Blockchain is an Institutional Technology, in the sense that its functions transcend industries and are principally concerned with manufacturing trust, the primary function of institutions. This can be a bit of a concept to wrap your head around because institutional technologies don’t come along very often…. Do you remember when ‘Government’ was invented? I don’t.

Of course, this has profound implications for the ways in which business models change. Enabled by blockchain technologies, however the most likely epicentre of these business model changes is extremely easy to identify.




Trust is a social construct. There are several ways in which it has been conceptualised over the years, one of my favourites being the ‘trust equation.


What this show are primarily social activities, with huge opportunity for improvement with blockchain technologies.

Blockchain technology has given rise to a new platform for business relationships that combines ease of use, low cost, and high security. It creates a new basis of trust for business transactions that could contribute to a considerable simplification and acceleration of the economy.

Trust is the foundation of every business relationship. Success is built on it, and it’s part of how we care for our business and networks. We also use intermediaries in our relationships, and they create trust and must have our trust. Banks ensure that we deal with the correct counterparties and the transactions are for the correct amounts. We employ lawyers so that our products are not copied or illegally distributed. Overall, the use of intermediaries is very complex, costs a lot of time and money, and in this age of hackers, it also carries security risks. 






Does a person have verifiable knowledge, license, or ownership of a thing?

This is usually assessed by a third party and often documented. These ‘assessment’ activity between the person and the assessor and ‘signalling’ function of the document between two parties, are the social elements of credibility.

In Blockchain this is referred to as an attestation and much of the work that is being done today revolves around the establishment of digital identities that can utilise these verifiable claims for various purposes from credentials, such as an academic transcript, to clearances and endorsements such as background checks, or simply confirmation identity.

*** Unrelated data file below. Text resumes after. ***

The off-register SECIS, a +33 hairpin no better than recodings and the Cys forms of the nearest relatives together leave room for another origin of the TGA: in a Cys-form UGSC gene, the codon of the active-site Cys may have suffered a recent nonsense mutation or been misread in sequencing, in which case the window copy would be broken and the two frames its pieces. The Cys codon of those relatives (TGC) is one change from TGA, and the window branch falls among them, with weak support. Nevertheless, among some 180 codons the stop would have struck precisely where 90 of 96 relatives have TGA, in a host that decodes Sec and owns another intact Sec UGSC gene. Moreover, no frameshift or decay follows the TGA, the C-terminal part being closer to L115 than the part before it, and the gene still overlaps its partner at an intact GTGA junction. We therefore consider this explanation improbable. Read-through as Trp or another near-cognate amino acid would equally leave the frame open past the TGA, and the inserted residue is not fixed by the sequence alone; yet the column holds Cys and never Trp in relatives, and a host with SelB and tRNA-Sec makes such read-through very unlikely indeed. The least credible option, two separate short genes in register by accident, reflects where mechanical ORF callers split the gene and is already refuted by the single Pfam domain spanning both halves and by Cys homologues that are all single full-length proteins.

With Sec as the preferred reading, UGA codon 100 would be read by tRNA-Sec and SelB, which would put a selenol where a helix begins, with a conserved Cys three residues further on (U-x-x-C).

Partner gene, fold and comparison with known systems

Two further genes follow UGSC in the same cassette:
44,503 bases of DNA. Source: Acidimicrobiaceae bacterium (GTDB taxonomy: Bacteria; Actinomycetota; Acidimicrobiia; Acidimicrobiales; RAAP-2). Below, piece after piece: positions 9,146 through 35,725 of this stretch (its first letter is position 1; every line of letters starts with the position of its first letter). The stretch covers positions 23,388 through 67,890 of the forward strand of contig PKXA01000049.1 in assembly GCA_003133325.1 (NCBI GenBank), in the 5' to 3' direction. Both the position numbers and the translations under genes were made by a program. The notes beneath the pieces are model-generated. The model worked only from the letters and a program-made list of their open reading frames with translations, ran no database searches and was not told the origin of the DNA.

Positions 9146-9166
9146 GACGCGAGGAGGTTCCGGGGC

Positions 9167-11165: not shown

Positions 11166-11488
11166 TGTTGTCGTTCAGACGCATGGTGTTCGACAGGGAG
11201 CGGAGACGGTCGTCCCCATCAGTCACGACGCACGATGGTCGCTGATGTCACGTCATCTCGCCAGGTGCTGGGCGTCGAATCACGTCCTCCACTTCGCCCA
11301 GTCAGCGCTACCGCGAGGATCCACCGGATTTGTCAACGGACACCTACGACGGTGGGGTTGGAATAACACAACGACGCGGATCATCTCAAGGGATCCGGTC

Does the person do what they said they would do?

This is primarily concerned with auditing action. While this is more abstract, reliability becomes social via someone’s confidence that something will happen, regardless of their supervision of it.

Blockchain and smart contracts offer an opportunity to encode ‘proof of work’ in various ways, to make reliability something quite easily quantified along with providing built in incentives for compliant behaviour.

The final two aspects, intimacy and self-orientation are still important, but are more concerned with the nature of interpersonal trust. The nature of your friendships and relationships with spouses and family members is usually mediated by how ‘close’ you are to them. Similarly, someone’s intention (self-orientation) can undermine trust in a relationship if there are no mechanisms to incentivise behaviour which benefits both parties and affect the permanent reputation of the parties involved.

I believe they will become less important as blockchain applications become more mainstream. What these technologies facilitate — as a new kind of institution — is a mechanism for all parties to be self-interested but do so in a way that does not necessarily exploit others in the process. This is one of the most fundamental consequences of ‘decentralising’ the world. Everyone becomes a portable agent with universal cross-compatibility.


The Cost of Trust

It is important to identify the real economic case for why trust is such a likely candidate for disruption. It’s extremely expensive.

By improving the way firms identify, verify, and relate to their customers and supply chain partners, there are significant productivity and value gains to be made. This opens the door to a giant future for digital innovation and blockchain enabled business model innovation.


The Way Forward

The most profound impact of this, is the likely undoing of the ‘platform’ business models that have come to define the last two decades of growth in the tech industry.

With a revolution in relationships and new methods for creating and utilising trust, blockchain applications is fast affecting other aspects of business model innovation. By incorporating distributed ledger technologies, businesses are beginning to introduce mass markets to blockchain technology in a more accessible way, helping facilitate access to products and services they are already familiar with, in new ways.

As people become familiar, literacy is improving, and demand for more sophisticated ‘digital products’ is on the rise.

There are still some major technical challenges to overcome, most prominent of which are standards for how different blockchain applications work and interact with each other in a ‘self-sovereign’ world that is completely decentralised, but it is nevertheless an incredibly exciting time to be thinking about the ways that value can be created, delivered, and captured.